July 2, 2015
A Level 2, medium fire ban has been enacted at Lake Sammamish State Park.
April 7, 2015
The Squak Mountain Trail Run is from 7 a.m. to 5 p.m. April 11 at Squak Mountain State Park.
The event will include 12-kilometer, half-marathon, marathon and 50-kilometer trail options on the 2,024-foot mountain. The courses are well-marked and several aid stations will be in place.
August 24, 2014
NEW – 6 a.m. Aug. 24, 2014
The Washington State Parks and Recreation Commission wants the public to know that Monday, Aug. 25, is a state parks “free day.”
Day-use visitors will not need a Discover Pass to visit state parks, including Lake Sammamish State Park and Squak Mountain State Park locally.
The free day is in honor of the birthday of the National Park Service, which was established Aug. 25, 1916.
August 16, 2014
NEW – 6 a.m. Aug. 16, 2014
The Washington State Parks and Recreation Commission has lifted the ban on campfires in Western Washington state parks.
Western Washington is considered the region west of the crest of the Cascade Mountain range. Those include Lake Sammamish State Park and Squak Mountain State Park.
Washington State Parks wants the public to know that park managers have the discretion to restrict campfires in campgrounds, based on their assessment of conditions, which may change quickly.
Campfires are allowed in approved fire pits only. Park managers may also require smaller fires than are normally acceptable.
August 12, 2014
NEW — 9:35 a.m. Aug. 12, 2014
Washington State Parks announced today that campfires in all state parks will be prohibited until further notice to help prevent human-caused wildfires during the hot, dry season on both sides of the Cascade Mountains.
Locally, that includes Lake Sammamish State Park and Squak Mountain State Park.
The prohibition on campfires in state parks complies with the announcement Monday by Washington State Department of Natural Resources, which notified the public of a ban on all outdoor burning on lands protected by the department, through Sept. 30.
That agency has fire protection responsibility for all but a few state parks. Prohibiting open fires and campfires in all state parks is intended to minimize public confusion and cooperate with the department’s effort to prevent wildfires.
April 8, 2014
A public celebration is set to commemorate preservation of 226 acres of high-quality forestland in the Issaquah Alps — the result of a partnership between King County and The Trust for Public Land.
The acquisition adds to King County’s Cougar-Squak Corridor parkland. The area was set for logging more than a year ago.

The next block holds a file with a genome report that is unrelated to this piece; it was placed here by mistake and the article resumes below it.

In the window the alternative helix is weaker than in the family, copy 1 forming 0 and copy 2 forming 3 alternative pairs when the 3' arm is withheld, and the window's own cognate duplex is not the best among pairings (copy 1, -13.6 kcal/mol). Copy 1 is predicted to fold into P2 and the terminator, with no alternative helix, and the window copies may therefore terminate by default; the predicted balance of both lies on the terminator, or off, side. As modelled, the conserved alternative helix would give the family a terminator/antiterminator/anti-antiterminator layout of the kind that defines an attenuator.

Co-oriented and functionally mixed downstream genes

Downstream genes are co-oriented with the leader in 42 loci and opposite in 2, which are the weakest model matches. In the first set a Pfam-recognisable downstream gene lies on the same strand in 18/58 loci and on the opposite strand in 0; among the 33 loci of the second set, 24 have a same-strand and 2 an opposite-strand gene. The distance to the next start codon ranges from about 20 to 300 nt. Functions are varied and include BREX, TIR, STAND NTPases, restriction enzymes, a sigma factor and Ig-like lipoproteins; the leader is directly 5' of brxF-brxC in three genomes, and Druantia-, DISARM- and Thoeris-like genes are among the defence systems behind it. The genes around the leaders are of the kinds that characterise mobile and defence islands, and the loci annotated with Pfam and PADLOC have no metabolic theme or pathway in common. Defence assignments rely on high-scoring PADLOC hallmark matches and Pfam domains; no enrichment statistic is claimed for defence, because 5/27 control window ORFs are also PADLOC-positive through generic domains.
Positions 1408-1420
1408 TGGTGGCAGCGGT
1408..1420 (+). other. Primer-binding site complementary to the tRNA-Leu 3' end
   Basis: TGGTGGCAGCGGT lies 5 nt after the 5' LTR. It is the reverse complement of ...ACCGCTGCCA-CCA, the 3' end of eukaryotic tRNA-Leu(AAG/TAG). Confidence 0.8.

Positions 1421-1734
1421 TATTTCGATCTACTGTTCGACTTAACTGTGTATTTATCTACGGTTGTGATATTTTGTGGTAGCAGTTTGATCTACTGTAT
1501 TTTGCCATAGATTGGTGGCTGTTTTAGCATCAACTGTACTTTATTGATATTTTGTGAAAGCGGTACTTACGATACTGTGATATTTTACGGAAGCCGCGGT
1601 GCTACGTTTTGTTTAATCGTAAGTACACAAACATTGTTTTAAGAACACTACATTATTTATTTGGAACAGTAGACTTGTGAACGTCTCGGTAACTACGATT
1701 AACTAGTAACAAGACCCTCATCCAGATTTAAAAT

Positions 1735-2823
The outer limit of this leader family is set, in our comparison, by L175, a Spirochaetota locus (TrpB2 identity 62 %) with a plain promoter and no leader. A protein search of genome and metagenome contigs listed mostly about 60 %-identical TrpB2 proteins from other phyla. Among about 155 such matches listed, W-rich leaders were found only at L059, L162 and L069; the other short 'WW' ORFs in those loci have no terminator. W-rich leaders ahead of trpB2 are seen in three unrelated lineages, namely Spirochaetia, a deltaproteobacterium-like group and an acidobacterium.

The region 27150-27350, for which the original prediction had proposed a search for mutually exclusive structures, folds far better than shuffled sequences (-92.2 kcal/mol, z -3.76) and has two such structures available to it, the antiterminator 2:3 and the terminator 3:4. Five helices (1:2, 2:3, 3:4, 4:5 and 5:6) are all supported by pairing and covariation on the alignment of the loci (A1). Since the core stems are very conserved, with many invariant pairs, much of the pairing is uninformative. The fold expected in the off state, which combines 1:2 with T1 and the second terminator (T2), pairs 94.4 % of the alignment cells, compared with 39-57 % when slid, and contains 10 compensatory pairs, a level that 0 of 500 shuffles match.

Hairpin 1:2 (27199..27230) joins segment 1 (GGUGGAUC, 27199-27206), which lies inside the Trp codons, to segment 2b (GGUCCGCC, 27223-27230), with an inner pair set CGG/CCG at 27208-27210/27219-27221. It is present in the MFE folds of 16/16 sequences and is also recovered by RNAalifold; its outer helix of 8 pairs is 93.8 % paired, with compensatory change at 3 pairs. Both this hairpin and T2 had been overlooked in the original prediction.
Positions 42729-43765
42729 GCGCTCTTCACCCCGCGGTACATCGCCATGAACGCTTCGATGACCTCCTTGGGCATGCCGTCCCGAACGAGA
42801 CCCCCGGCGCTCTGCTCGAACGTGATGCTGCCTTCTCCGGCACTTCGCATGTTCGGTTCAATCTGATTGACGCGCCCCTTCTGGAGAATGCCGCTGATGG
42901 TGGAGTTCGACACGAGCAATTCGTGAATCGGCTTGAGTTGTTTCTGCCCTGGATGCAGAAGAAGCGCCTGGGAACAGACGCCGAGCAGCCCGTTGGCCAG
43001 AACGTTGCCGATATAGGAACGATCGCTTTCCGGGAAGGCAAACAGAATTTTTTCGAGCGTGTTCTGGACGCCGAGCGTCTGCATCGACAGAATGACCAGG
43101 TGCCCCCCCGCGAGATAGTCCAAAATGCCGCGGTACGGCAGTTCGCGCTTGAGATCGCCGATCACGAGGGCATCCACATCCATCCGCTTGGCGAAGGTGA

“Our partnership to protect Squak Mountain’s irreplaceable fish and wildlife habitat is cause for celebration,” King County Executive Dow Constantine said in a news release. “I want to thank The Trust for Public Land and the people of King County on behalf of generations who will enjoy hiking, viewing wildlife and other recreation in this forest.”
August 6, 2013
Washington State Parks announced July 31 that campfires are banned in all state parks until further notice.
The ban is to help prevent human-caused wildfires during the hot, dry season on both sides of the Cascade Mountains. For the Issaquah area, this affects both Lake Sammamish and Squak Mountain state parks.
August 2, 2013
NEW — 6 a.m. Aug. 2, 2013
Washington State Parks has announced that campfires are banned in all state parks until further notice.
The ban is to help prevent human-cause wildfires during the hot, dry season on both sides of the Cascade Mountains. For the Issaquah area, this affects both Lake Sammamish and Squak Mountain state parks.
Campers may still use devices that allow for control of combustion, including propane and liquid gas stoves appropriate for camping and backcountry use, propane barbecue devices that do not use solid briquettes, propane or pressurized white gas warming devices that have a shield or base, and solid fuel citronella or other candles in a metal bucket or glass container.
This ban follows a similar ban by the Department of Natural Resources, which has fire protection responsibility of about 50 percent of state park lands.
May 28, 2013
The day-use parking area of Squak Mountain State Park will be closed until late summer or early fall, according to a news release from the Washington State Parks and Recreation Commission.
Forest health issues have been identified in the park. Native tree pathogens, primarily laminated root rot, are attacking Douglas-fir trees in developed areas. The disease, which affects the roots and lower stems of certain conifer tree species, has the potential to cause healthy-looking trees to fall without warning.
February 8, 2013
NEW — 12:05 p.m. Feb. 8, 2013
High on Squak Mountain, pink plastic strips tied to trees mark 216 acres of forest as a timber harvest area.
Since a timber company purchased the forest and started the process to permit logging on the site, conservationists and nearby residents mobilized to fight the proposal to clear cut the land. The logging opponents said cutting trees on the land could lead to more flooding downhill, damage sensitive fish and wildlife habitat, and add a timber harvest site near conservation lands.
The proposal from Eatonville-based Erickson Logging to harvest timber on 216 acres on the mountainside above Renton-Issaquah Road Southeast galvanized residents on Squak Mountain and near May Creek, a destination for runoff from the mountain.